• Potassium chloride (KCI) is found in a number of fertilizers. It can also be used as a substitute for salt as well as in the production of other compounds.
  • Potassium hydroxide (KOH) is useful to manufacture detergents, soaps and drain cleaners.
  • Potassium carbonate (K2CO3) is used for the production of specific types of glasses.
  • Potassium nitrate is used to produce pyrotechnics, fertilizers and also match heads.

Practice Problems

Q1. What is the oxidation state of potassium in potassium superoxide?

  1. + 1
  2. - 1
  3. ½
  4. ½

Answer: (A)

Solution: The formula of potassium superoxide is KO2 Here the oxidation state of potassium (K) is + 1 and of oxygen (O) is - ½.

Q2. Choose the correct option.

  1. The first ionisation energy is greater than the second ionisation energy of potassium.
  2. The second ionisation energy is greater than the first ionisation energy of potassium.
  3. Potassium when reacted with air produces only potassium oxide.
  4. Reaction of potassium with water is an endothermic reaction.

Answer: (B)

Solution: The electronic configuration of potassium is 1s2 2s2 2p6 3s2 3p6 4s1. Ionisation energy is the amount of energy required to remove the outermost electron of an atom in its gaseous state. Now, if you see the configuration, it is rather easy to remove electrons from 4s orbital, as the potassium atom will attain a noble gas configuration (But now it is difficult to remove an electron from K+, as it already attained a noble gas configuration. So, the amount of energy required to remove the first electron will always be lesser than removing the second electron from the potassium atom. Hence, the second ionisation energy is greater than the first ionisation energy of potassium.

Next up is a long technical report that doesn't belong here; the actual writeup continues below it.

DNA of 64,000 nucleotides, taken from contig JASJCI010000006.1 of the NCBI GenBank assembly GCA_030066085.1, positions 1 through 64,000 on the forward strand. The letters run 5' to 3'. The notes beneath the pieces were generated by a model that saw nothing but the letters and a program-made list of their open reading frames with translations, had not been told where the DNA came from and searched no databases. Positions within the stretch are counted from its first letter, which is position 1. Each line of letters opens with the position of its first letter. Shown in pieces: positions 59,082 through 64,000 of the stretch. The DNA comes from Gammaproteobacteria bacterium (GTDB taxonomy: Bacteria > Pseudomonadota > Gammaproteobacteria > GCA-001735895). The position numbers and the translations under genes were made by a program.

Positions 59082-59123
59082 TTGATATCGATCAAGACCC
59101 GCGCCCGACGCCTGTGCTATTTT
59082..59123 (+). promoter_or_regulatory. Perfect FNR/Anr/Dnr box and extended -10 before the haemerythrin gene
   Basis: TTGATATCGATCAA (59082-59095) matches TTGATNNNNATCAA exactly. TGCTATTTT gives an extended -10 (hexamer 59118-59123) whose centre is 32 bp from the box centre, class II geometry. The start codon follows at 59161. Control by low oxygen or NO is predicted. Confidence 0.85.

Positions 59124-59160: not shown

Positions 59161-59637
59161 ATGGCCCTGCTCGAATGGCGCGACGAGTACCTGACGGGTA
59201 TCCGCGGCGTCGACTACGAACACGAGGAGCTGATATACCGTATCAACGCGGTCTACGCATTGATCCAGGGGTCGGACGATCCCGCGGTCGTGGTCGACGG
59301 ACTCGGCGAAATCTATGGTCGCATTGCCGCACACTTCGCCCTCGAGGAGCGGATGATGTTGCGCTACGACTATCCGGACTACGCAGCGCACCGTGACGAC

Three types of oxides are possible when potassium oxidises in the presence of air which is potassium oxide K2O, potassium peroxide K2O2 and potassium superoxide KO2.

8K(s) + 4O2(g) --> 2K2O(s) + 2KO2(s) + K2O2(s)

The reaction of potassium with water is highly exothermic and explosive in nature.

K(s) + 2H2O(i) --> 2KOH(aq) + 2KH2(g); ΔH = -ve

Frequently Asked Questions-FAQs

Question 1. Where is potassium metal used?
It is used in fertilizers, as a salt substitute and to produce other chemicals. Potassium hydroxide (KOH) is used to make soaps, detergents and drain cleaners.

Question 2. Why is potassium stored in kerosene?
Being highly reactive potassium is stored in kerosene to avoid contact with air. Otherwise, it would react vigorously with air and produce explosion and form oxides, peroxides, superoxides and respective hydroxides too.

Question 3. What are the natural sources of potassium?
Some natural sources of potassium are green beans, raw onion, coconut water, cucumber, radish, grapes, pineapple, lettuce leaves, eggplant, mushrooms etc.

Question 4. What are the industrial uses of potassium?
Industrially potassium finds its application in the making of many things like soaps, detergents, gold mining, gunpowder, batteries, dyes and glass production.

Question 5. What is the role of potassium in our body?
Potassium is an essential electrolyte responsible for the adequate functioning of our cells and tissues. Besides this, potassium helps maintain blood pHlevels, regulates water content in the body, and helps in reducing high blood pressure levels caused by excess sodium intake. It also assists in skeletal and muscular functioning and healthy heartbeat patterns in our body.

Related Topics

S-block Elements

Diagonal Relationship

Water of Crystallisation

Flame Test

Sodium Chloride

Sodium Hydroxide